The Thing About My Folks

Nicely calibrated performances by Peter Falk and writer-producer Paul Reiser make this broad, sentimental comedy about the yawning gulf between loving fathers and sons more palatable than the average "very special" sitcom episode. The youngest of four children and the only boy, Ben Kleinman (Reiser) has been butting heads with his hardheaded, perpetually...read more

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Reviewed by Maitland McDonagh
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Nicely calibrated performances by Peter Falk and writer-producer Paul Reiser make this broad, sentimental comedy about the yawning gulf between loving fathers and sons more palatable than the average "very special" sitcom episode. The youngest of four children and the only boy, Ben Kleinman (Reiser) has been butting heads with his hardheaded, perpetually kvetching father, Sam (Falk), for as long as he can remember. Now married and the father of two little girls (Lydia Jordan, Mackenzie Connolly), Ben is surprised and suspicious when his dad shows up at their Manhattan apartment one evening, unannounced and maddeningly vague about the reason for his visit. While Ben puts the children to bed, his wife, Rachel (Elizabeth Perkins), gets the truth out of dad: Muriel (Olympia Dukakis), his wife of 47 years, has left him. While Rachel and Ben's sisters — Linda (Ann Dowd), Bonnie (Mimi Lieber) and Hillary (Claire Beckman) — put their heads together and try to figure out where Murial could have gone and why, after putting up with Sam's eccentricities for all these years, she suddenly up and left, Ben takes his dad on a visit to the country. Specifically, they pay a visit to the country property Ben and Rachel are thinking of buying before the blunt Sam manages to offend the owner so thoroughly that he wouldn't sell his family seat to Ben if Ben were the last man on earth. Between the botched deal and the car accident they have a few minutes later, you'd think the last thing Sam and Ben would wind up doing is taking a father-son road trip. But that's exactly what happens: With Ben's car crumpled into undrivability, Sam impulsively buys a vintage Ford from a local mechanic and the two of them take off, visiting roadhouses, buying newly picked peaches from fruit stands, fishing, going to a farm-team baseball game and airing a lifetime's worth of grievances. By the time Murial's secret has been uncovered, Sam and Ben have discovered things they never knew about each other and have cleared up festering misunderstandings. If only Reiser or director Raymond De Felitta had been able to resist the fart jokes and the sloppy male-bonding scenes, this could have been a terrific little movie. As it is, it's shamelessly manipulative shtick brightened by sharply drawn supporting performances — Lauren Bittner and Alison Fraser stand out in the parts of mother and daughter good-time gals.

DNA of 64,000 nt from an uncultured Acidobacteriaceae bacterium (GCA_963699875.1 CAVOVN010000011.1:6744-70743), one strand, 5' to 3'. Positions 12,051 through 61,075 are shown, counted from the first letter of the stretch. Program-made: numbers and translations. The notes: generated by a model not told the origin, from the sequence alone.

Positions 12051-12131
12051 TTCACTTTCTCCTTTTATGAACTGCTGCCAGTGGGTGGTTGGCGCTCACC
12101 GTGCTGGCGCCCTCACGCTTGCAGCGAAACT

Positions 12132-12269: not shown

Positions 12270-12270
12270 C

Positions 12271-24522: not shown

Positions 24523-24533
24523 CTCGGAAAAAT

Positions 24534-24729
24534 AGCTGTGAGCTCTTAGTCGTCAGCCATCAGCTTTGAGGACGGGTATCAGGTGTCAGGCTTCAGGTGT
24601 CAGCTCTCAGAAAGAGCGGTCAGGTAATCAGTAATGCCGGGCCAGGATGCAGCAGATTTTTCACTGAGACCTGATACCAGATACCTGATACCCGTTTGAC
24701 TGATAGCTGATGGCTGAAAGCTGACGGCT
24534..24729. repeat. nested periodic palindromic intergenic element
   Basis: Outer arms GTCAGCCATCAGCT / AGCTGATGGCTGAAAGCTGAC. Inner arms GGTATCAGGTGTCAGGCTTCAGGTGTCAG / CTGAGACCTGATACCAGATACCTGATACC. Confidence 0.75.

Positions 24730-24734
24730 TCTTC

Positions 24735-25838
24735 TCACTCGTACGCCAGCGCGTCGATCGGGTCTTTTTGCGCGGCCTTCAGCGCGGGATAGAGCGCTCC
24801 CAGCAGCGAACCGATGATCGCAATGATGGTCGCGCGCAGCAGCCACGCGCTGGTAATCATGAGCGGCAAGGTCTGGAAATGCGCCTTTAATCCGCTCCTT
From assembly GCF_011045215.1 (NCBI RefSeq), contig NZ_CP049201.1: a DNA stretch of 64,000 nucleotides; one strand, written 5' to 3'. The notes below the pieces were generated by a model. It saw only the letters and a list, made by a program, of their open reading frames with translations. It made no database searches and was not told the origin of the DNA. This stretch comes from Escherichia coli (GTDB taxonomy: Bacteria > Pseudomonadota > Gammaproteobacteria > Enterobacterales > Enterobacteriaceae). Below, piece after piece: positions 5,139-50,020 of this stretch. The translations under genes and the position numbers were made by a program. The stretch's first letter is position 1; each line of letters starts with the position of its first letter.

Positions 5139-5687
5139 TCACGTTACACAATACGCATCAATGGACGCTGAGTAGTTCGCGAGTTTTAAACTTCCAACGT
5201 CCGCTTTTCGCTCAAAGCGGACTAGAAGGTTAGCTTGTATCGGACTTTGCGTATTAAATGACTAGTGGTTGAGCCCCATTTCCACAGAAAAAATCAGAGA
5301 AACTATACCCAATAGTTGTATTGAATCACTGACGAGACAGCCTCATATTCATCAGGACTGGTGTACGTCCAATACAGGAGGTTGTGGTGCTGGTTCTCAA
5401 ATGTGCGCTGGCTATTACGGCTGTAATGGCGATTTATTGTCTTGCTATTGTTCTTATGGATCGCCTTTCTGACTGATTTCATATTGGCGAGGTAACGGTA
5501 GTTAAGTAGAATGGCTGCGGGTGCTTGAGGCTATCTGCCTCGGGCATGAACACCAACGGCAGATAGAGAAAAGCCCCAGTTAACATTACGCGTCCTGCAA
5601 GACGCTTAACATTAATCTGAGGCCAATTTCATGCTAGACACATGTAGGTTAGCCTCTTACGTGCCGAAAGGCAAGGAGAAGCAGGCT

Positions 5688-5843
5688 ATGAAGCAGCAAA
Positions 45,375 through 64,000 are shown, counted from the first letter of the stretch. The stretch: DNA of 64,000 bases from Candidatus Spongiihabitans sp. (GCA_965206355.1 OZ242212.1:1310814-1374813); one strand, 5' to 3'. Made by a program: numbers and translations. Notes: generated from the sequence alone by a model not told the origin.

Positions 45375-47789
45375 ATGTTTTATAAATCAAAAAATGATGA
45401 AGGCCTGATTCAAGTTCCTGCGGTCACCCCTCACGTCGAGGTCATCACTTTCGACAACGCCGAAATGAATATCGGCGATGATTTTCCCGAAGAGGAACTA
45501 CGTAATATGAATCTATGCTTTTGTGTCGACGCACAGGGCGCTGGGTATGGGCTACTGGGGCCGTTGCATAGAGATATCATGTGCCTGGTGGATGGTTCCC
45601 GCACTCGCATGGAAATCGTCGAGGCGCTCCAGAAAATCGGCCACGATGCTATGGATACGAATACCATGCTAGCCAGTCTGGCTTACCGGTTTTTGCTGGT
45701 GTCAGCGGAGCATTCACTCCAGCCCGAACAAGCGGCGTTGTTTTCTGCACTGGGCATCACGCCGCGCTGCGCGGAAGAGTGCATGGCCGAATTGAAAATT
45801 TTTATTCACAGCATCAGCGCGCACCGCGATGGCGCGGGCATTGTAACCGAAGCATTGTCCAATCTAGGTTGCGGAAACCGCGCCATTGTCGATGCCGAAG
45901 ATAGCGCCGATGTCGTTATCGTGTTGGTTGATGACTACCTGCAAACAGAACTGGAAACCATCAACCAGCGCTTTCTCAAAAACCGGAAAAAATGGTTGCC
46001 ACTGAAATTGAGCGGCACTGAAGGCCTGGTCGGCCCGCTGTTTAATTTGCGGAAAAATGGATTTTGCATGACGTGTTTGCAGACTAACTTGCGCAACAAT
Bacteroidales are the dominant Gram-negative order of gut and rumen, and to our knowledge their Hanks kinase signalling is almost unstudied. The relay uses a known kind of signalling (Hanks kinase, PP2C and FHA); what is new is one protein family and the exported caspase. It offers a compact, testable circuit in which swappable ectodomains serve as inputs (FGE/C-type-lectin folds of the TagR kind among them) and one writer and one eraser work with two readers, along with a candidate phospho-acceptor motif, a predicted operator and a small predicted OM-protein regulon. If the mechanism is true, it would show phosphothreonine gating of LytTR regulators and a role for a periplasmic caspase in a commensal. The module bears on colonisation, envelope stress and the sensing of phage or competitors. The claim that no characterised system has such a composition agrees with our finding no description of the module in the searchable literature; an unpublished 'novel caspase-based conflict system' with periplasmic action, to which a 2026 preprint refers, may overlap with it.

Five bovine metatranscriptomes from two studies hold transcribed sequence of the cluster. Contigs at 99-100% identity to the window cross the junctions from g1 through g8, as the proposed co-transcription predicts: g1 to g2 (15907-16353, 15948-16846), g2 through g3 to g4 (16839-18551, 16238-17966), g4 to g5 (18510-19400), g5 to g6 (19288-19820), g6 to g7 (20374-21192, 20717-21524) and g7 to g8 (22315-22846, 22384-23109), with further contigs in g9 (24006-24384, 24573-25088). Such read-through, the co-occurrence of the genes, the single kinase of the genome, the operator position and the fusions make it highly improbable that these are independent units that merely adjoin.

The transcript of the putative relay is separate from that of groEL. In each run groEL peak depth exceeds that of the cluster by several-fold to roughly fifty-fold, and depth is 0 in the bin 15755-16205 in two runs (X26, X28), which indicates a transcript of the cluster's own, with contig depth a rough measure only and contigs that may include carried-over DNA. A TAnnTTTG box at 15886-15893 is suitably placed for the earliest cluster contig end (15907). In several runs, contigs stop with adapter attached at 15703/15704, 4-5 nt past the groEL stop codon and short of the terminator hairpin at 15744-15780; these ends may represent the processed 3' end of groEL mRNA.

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  • Released: 2005
  • Rating: PG-13
  • Review: Nicely calibrated performances by Peter Falk and writer-producer Paul Reiser make this broad, sentimental comedy about the yawning gulf between loving fathers and sons more palatable than the average "very special" sitcom episode. The youngest of four chil… (more)

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